The New Vision online (Uganda) reports that “The Government is to provide Coartem, an anti-malaria drug, to private health units at a subsidised price, the Ministry of Health announced yesterday.”Â These will be sold at ‘affordable prices‘ according to the ministry.
“Primary health care state minister Emmanuel Otaala said the ministry, in conjunction with donors, would provide the drugs at sh200 per dose for children and sh800 for adults.” Normally Coartem costs “between sh12,000 and sh18,000 in private clinics.” In approximate dollar terms this is a difference between a subsidized rate of US $0.12- 0.48 compared to $7.25 – 10.87.
For implementation the devil will be in the details in terms of procurement and supply chain management (PSM) (public vs private) as well as positioning of the subsidized drugs where existing products may offer the shop owners a greater profit margin.
Nigeria is reframing its Round 4 Global Fund Malaria Grant to include the private sector and provides some lessons about the challenges of dual districution channels for ACTs.Â The August 2008 grant progress report outlines these issues.
“There was a delay in the approval of the PSM plan because the PR wished to repackage their ACTs in a manner that would differentiate them from those given out by YGC (Yakubu Gowon Center – PR Public Sector), the other malaria PR. That is because SFH (Society for Family Health – PR private sector) is distributing ACT through the private sector with cost recovery and YGC distributes through the public sector for free. As there were no compliant factories in Nigeria, SFH had to change suppliers to one that could package the drugs according to their needs. This delayed the approval of the PSM plan which was finally approved on March 8th 2008. Procurement is now underway andimplementation can begin fully in the next quarter.”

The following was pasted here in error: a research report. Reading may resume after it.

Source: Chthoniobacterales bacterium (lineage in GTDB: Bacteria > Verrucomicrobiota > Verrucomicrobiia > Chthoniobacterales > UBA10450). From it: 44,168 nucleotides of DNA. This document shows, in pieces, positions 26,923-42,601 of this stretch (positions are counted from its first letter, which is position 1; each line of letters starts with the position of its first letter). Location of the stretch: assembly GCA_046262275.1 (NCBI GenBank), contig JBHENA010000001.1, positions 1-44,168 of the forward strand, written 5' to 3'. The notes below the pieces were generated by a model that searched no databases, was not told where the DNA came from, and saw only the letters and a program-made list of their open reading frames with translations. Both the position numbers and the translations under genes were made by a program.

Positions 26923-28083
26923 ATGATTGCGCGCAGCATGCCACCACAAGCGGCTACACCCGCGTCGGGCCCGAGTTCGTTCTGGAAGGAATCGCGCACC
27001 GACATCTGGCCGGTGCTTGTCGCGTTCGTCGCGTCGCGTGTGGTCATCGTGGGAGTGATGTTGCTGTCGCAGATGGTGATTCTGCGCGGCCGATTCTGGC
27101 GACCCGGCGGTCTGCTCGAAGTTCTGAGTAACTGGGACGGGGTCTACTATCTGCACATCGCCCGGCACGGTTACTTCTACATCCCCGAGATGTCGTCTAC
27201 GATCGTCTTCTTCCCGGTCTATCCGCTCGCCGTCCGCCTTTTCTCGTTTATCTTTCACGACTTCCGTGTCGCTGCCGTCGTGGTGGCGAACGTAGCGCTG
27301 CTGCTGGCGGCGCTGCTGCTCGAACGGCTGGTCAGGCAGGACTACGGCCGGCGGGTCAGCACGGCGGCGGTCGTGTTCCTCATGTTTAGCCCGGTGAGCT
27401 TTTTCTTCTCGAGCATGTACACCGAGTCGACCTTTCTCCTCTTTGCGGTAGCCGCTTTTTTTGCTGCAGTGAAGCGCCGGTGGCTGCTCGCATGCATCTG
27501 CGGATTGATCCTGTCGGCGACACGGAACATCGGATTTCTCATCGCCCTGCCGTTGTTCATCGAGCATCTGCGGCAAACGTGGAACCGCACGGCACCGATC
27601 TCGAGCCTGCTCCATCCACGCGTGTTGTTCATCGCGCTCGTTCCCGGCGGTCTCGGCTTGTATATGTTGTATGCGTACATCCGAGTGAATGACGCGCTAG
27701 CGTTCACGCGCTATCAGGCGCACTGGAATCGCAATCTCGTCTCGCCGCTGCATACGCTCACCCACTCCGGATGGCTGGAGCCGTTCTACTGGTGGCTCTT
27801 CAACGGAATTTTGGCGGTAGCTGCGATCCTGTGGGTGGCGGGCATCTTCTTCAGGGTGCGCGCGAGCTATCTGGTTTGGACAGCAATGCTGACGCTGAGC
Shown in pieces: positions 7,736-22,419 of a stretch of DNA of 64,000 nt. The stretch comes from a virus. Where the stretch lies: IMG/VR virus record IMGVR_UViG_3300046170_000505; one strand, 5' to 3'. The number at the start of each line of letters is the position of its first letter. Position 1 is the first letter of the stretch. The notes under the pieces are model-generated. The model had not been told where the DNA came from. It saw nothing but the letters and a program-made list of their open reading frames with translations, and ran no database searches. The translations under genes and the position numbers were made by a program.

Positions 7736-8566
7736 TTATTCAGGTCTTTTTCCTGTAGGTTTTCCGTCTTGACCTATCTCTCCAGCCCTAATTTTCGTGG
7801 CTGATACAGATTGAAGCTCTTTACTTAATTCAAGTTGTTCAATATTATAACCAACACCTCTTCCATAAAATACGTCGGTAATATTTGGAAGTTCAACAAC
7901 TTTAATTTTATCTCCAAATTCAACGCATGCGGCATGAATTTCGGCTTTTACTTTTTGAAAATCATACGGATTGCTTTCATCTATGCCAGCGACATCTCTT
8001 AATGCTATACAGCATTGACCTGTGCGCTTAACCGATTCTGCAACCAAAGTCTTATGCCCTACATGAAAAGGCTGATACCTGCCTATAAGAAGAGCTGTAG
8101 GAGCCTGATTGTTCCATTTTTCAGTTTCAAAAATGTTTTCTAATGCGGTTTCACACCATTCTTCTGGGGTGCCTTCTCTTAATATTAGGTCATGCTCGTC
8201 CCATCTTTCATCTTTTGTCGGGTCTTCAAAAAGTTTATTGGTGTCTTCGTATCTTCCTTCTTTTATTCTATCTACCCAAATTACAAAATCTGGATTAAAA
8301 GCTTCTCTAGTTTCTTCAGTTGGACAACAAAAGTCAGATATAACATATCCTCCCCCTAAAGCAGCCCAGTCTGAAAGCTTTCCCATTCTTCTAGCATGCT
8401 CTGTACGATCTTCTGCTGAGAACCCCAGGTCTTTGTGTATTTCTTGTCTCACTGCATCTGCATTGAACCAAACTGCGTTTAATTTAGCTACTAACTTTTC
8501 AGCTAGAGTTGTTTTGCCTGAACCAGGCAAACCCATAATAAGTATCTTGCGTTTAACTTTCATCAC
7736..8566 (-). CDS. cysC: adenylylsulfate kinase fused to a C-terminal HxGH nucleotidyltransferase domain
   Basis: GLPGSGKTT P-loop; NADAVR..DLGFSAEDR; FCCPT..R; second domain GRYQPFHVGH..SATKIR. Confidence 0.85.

Private sector involvement is crucial for achieving coverage for a number of reasons, least of which are the fact that in Nigeria it was estimated that a monitory of people with malaria get their treatment in medicine shops. One could never achieve 80% prompt treatment with ACTs only in the public sector.Â So while the effort is commendable, it is not something that can be embarked upon quickly.
Well thought out logistics and monitoring plans are needed to ensure the subsidized ACTs actually reach their intended population.
Please note that the World Malaria Report 2008 is now available to download from WHO’s Global Malaria Program.